just keep in mind that using eval() on untrusted data isn't a very good
idea.
Right. This data comes from me, gets put into a file and then
read by me. Someone _could_ corrupt that file, but someone who
could do that could more easily just throw the machine out
the window...

and then your boss finds your program useful, and it's installed on a
shared server, and then the guys at the office in Eggkleiva wants a
copy, and then people start shipping save files via mail to keep things
synchronized, and then someone sets up a web service... ;-)
Heh-heh. Good point, except that the idea that someone's going to
find it useful is utterly implausible. Nobody but me has ever found
a program I wrote useful. People think it's funny that I write little
Python programs to do things I could just do in Excel or Open
Office. (When I have some accounting/secretarial sort of thing
to do doing it by hand in Python is one way to make it tolerably
interesting. Easier to add new features - instead of trying to find
an Excel way to do something like delete the smallest _two_
items in a list I just do it.)
</F>
--
David C. Ullrich
Jul 24 '08 #8

P: n/a
In article <g6*************@news.t-online.com>,
Peter Otten <__*******@web.dewrote:
David C. Ullrich wrote:
In article <ma************************************@python.org >,
Fredrik Lundh <fr*****@pythonware.comwrote:
David C. Ullrich wrote:

I've been saving data in a file with one line per field.
Now some of the fields may become multi-line strings...

I was about to start escaping and unescaping linefeeds
by hand, when I realized that repr() and eval() should
do. Hence the question: If s is a string, is repr(s)
guaranteed not to contain line breaks?

yes.

just keep in mind that using eval() on untrusted data isn't a very good
idea.
Right. This data comes from me, gets put into a file and then
read by me. Someone _could_ corrupt that file, but someone who
could do that could more easily just throw the machine out
the window...

You could also use a csv file with a single row.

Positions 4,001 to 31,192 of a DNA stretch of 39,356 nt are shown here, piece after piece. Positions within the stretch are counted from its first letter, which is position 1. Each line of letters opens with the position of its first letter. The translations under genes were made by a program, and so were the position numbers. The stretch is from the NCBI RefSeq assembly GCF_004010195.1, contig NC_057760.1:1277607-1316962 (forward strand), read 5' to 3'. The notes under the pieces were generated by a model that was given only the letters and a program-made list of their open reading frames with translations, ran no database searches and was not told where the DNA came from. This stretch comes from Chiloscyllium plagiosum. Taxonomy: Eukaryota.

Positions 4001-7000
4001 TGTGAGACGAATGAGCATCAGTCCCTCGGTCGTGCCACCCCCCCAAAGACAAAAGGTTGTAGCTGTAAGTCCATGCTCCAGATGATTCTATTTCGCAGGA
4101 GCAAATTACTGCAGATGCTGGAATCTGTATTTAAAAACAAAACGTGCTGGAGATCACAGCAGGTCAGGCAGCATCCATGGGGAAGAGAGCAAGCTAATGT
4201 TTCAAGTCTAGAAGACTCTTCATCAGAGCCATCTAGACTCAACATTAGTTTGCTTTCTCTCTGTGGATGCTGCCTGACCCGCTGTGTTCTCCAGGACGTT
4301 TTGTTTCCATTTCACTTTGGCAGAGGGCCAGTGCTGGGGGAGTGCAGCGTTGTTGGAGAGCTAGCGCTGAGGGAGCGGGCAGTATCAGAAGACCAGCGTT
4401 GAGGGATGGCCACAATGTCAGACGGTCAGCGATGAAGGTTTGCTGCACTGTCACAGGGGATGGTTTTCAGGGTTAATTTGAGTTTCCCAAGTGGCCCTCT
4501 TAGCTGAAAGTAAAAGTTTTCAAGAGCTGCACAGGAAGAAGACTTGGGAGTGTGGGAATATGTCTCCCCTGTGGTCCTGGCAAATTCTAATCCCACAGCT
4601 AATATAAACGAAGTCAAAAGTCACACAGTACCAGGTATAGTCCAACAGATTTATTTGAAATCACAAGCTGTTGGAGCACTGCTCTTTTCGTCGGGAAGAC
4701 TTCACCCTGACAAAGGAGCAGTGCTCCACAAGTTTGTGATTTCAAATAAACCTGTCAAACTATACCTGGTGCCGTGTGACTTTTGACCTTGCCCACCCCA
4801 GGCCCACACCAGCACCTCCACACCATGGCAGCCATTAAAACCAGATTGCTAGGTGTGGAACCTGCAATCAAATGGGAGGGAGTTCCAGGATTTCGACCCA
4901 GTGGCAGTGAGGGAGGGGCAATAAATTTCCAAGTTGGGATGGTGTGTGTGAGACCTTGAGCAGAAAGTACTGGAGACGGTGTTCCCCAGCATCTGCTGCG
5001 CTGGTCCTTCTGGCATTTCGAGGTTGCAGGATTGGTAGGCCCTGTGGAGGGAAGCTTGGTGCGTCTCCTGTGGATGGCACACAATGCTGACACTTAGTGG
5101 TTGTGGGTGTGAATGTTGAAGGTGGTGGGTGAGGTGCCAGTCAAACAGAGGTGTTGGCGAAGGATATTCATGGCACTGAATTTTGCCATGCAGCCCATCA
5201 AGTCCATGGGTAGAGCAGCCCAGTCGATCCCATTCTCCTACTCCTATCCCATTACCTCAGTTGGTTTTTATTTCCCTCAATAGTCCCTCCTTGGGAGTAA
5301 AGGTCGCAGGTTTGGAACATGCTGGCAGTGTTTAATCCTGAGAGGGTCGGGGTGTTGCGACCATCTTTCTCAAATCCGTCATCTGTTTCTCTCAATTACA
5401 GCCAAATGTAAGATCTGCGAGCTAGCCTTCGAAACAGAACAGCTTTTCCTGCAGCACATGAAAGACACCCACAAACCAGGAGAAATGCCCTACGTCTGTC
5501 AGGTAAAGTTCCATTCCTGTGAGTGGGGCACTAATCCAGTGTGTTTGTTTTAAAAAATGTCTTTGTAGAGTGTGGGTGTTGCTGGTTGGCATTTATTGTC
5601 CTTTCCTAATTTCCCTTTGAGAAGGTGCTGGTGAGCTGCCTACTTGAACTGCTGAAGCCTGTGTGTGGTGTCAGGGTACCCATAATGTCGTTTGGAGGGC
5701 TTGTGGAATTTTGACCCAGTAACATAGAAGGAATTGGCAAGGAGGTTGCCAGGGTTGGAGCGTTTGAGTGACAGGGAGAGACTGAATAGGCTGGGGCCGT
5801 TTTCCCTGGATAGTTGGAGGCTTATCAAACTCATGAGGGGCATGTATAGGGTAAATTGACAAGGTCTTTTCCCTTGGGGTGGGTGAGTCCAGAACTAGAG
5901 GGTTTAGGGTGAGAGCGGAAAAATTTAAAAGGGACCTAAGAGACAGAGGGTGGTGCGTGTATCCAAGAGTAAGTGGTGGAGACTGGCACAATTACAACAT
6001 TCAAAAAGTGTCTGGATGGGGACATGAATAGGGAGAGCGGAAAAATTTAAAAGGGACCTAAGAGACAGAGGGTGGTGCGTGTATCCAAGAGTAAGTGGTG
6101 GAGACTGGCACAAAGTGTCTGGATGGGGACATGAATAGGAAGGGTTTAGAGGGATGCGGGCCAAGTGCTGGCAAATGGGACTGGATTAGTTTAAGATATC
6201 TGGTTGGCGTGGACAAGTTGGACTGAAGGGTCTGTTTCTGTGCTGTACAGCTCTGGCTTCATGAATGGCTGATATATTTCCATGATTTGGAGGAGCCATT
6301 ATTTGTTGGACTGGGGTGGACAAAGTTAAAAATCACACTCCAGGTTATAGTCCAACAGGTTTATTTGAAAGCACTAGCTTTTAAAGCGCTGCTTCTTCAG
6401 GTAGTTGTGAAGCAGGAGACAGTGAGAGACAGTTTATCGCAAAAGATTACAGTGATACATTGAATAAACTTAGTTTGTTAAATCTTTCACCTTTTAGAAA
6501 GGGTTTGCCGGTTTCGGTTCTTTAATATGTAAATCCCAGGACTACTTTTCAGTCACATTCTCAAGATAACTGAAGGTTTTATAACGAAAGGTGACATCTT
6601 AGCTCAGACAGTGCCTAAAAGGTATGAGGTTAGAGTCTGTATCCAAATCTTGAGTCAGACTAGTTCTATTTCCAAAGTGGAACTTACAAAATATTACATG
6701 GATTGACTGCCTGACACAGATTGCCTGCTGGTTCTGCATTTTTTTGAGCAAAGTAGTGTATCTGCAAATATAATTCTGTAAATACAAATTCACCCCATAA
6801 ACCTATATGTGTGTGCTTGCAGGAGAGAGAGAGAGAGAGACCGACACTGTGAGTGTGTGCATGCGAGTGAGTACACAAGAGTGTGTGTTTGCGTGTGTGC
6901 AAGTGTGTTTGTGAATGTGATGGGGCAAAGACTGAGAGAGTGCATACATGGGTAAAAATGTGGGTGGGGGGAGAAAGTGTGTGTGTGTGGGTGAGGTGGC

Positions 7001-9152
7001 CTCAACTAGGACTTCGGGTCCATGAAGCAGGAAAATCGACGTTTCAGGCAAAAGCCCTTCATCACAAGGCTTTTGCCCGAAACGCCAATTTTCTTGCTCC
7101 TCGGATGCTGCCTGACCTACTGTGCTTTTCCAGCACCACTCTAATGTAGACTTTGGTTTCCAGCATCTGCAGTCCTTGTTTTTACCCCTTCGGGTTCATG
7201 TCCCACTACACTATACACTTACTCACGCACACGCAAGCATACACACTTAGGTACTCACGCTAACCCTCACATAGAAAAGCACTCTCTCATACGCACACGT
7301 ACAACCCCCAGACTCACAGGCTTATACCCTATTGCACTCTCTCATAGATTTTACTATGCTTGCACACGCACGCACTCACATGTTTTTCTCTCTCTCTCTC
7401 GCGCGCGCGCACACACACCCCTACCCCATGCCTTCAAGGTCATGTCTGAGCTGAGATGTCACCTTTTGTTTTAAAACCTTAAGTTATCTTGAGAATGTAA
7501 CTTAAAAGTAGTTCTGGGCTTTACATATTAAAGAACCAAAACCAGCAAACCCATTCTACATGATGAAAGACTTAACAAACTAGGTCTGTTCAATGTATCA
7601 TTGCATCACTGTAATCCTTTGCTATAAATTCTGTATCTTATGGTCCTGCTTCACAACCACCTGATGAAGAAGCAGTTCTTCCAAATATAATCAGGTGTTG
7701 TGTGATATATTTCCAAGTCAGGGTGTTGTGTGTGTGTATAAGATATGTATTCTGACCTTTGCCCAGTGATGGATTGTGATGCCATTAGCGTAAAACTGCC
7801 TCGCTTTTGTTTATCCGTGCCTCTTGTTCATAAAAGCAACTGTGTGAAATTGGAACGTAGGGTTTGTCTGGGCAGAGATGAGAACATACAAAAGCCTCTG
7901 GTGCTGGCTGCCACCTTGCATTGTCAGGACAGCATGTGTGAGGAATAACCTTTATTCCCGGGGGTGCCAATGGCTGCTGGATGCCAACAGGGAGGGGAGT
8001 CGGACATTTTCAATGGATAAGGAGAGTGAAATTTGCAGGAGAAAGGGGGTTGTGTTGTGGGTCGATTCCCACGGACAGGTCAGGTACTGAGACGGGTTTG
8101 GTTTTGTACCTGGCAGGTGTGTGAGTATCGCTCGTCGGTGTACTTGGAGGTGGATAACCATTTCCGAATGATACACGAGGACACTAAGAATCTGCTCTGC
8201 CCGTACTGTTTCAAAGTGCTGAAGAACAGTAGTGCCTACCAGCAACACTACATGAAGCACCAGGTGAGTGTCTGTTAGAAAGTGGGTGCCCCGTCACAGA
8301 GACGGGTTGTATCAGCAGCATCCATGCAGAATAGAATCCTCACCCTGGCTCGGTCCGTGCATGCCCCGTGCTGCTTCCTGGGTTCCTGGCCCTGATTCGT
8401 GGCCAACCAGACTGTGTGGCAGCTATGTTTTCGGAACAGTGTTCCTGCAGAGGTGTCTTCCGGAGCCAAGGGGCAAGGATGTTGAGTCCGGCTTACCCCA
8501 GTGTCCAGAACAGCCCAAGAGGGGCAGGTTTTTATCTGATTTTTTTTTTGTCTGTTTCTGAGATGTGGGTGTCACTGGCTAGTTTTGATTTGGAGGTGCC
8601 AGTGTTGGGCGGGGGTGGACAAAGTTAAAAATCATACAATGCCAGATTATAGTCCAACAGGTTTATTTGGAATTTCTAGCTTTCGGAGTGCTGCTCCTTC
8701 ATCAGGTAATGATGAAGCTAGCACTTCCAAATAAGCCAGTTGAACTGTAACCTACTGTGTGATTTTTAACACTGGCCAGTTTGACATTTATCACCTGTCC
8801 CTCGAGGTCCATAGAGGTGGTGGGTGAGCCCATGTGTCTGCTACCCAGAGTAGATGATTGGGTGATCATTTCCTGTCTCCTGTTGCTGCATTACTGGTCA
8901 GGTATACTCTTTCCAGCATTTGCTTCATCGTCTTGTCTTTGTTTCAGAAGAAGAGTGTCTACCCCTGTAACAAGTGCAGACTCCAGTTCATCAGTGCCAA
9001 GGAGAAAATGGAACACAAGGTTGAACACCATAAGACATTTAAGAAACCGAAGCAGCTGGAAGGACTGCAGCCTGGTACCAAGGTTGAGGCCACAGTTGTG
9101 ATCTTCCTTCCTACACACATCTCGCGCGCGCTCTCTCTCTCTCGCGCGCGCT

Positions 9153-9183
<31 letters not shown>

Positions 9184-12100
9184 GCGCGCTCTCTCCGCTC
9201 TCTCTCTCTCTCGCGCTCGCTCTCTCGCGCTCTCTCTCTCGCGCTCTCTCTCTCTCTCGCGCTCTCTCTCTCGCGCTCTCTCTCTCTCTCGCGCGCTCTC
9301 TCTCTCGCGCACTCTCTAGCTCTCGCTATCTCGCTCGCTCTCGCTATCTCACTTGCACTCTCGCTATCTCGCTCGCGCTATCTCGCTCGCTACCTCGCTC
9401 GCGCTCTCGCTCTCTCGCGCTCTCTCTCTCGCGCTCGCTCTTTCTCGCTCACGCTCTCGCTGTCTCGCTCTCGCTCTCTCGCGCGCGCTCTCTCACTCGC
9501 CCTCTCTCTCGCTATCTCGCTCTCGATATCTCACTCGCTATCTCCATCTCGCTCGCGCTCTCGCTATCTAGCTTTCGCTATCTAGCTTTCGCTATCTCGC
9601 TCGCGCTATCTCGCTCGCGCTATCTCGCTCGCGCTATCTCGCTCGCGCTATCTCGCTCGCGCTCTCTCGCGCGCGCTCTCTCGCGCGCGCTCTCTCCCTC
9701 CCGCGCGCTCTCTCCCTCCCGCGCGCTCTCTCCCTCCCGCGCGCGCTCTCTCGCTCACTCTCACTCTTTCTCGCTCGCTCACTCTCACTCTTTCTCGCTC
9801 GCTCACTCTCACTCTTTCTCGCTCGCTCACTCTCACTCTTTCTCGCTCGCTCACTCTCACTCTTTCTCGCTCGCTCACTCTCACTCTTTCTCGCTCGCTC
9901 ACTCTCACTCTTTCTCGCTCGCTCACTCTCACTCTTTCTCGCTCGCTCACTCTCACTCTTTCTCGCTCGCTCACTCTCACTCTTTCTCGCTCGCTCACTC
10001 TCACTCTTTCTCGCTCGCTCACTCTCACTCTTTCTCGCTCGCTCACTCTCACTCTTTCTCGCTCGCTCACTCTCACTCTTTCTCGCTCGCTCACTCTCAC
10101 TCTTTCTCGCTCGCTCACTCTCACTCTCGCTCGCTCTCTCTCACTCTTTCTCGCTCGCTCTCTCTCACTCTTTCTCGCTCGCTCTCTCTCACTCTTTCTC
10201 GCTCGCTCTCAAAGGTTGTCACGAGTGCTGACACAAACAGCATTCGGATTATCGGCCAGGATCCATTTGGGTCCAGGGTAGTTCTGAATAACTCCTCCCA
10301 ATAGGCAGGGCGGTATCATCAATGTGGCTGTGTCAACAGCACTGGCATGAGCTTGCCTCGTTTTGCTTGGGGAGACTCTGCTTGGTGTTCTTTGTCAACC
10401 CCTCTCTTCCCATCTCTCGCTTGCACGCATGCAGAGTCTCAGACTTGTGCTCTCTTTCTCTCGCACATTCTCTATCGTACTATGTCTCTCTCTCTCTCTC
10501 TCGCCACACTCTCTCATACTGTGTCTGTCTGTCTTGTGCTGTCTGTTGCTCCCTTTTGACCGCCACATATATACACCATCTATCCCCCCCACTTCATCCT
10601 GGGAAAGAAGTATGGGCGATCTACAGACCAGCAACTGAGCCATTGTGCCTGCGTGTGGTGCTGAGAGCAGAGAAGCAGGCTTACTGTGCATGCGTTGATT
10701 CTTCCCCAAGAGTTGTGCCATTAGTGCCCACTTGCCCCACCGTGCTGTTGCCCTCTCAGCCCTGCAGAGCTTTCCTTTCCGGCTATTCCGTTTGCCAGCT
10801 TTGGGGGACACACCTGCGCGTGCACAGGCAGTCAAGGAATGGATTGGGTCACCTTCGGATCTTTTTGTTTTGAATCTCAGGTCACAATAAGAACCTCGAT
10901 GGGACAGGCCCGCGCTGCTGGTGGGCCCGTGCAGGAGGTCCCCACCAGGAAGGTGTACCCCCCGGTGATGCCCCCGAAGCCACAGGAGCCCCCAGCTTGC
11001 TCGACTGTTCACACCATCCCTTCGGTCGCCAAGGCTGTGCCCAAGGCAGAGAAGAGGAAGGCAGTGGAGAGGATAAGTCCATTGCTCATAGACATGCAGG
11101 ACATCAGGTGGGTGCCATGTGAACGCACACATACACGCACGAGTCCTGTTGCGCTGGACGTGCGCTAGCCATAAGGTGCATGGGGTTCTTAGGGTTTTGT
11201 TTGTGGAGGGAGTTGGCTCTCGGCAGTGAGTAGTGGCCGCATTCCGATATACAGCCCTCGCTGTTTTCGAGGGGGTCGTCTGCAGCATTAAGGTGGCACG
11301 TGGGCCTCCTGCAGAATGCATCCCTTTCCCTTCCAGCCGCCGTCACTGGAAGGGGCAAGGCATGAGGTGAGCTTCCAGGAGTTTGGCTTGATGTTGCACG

Excellent suggestion. I have a different point of view on all
this than most of you guys (see reply to F). From my curious
point of view csv was no fun anymore when csvlib got added to Python...
Peter
--
David C. Ullrich
Jul 24 '08 #9

P: n/a
On Jul 23, 4:04*pm, "David C. Ullrich" <dullr...@sprynet.comwrote:
I've been saving data in a file with one line per field.
Now some of the fields may become multi-line strings...

I was about to start escaping and unescaping linefeeds
by hand, when I realized that repr() and eval() should
do. Hence the question: If s is a string, is repr(s)
guaranteed not to contain line breaks?
Might I suggest you use encode and decode instead?
>>'first line\nsecond line'.encode('string-escape')
'first line\\nsecond line'
>>_.decode('string-escape')
'first line\nsecond line'
>>u'first line\nsecond line'.encode('unicode-escape')
'first line\\nsecond line'
>>_.decode('unicode-escape')
u'first line\nsecond line'
Jul 25 '08 #10

P: n/a
In article
<c5**********************************@a6g2000prm.g ooglegroups.com>,
MRAB <go****@mrabarnett.plus.comwrote:
On Jul 23, 4:04*pm, "David C. Ullrich" <dullr...@sprynet.comwrote:
I've been saving data in a file with one line per field.
Now some of the fields may become multi-line strings...

I was about to start escaping and unescaping linefeeds
by hand, when I realized that repr() and eval() should
do. Hence the question: If s is a string, is repr(s)
guaranteed not to contain line breaks?
Might I suggest you use encode and decode instead?
Ah, you certainly might! Seems exactly right, thanks.

Many years ago I thought I had some idea of what was available
in Python - these days it's full of all this neat stuff I never
heard of...
>'first line\nsecond line'.encode('string-escape')
'first line\\nsecond line'
>_.decode('string-escape')
'first line\nsecond line'
>u'first line\nsecond line'.encode('unicode-escape')
'first line\\nsecond line'
>_.decode('unicode-escape')
u'first line\nsecond line'
--
David C. Ullrich
Jul 25 '08 #11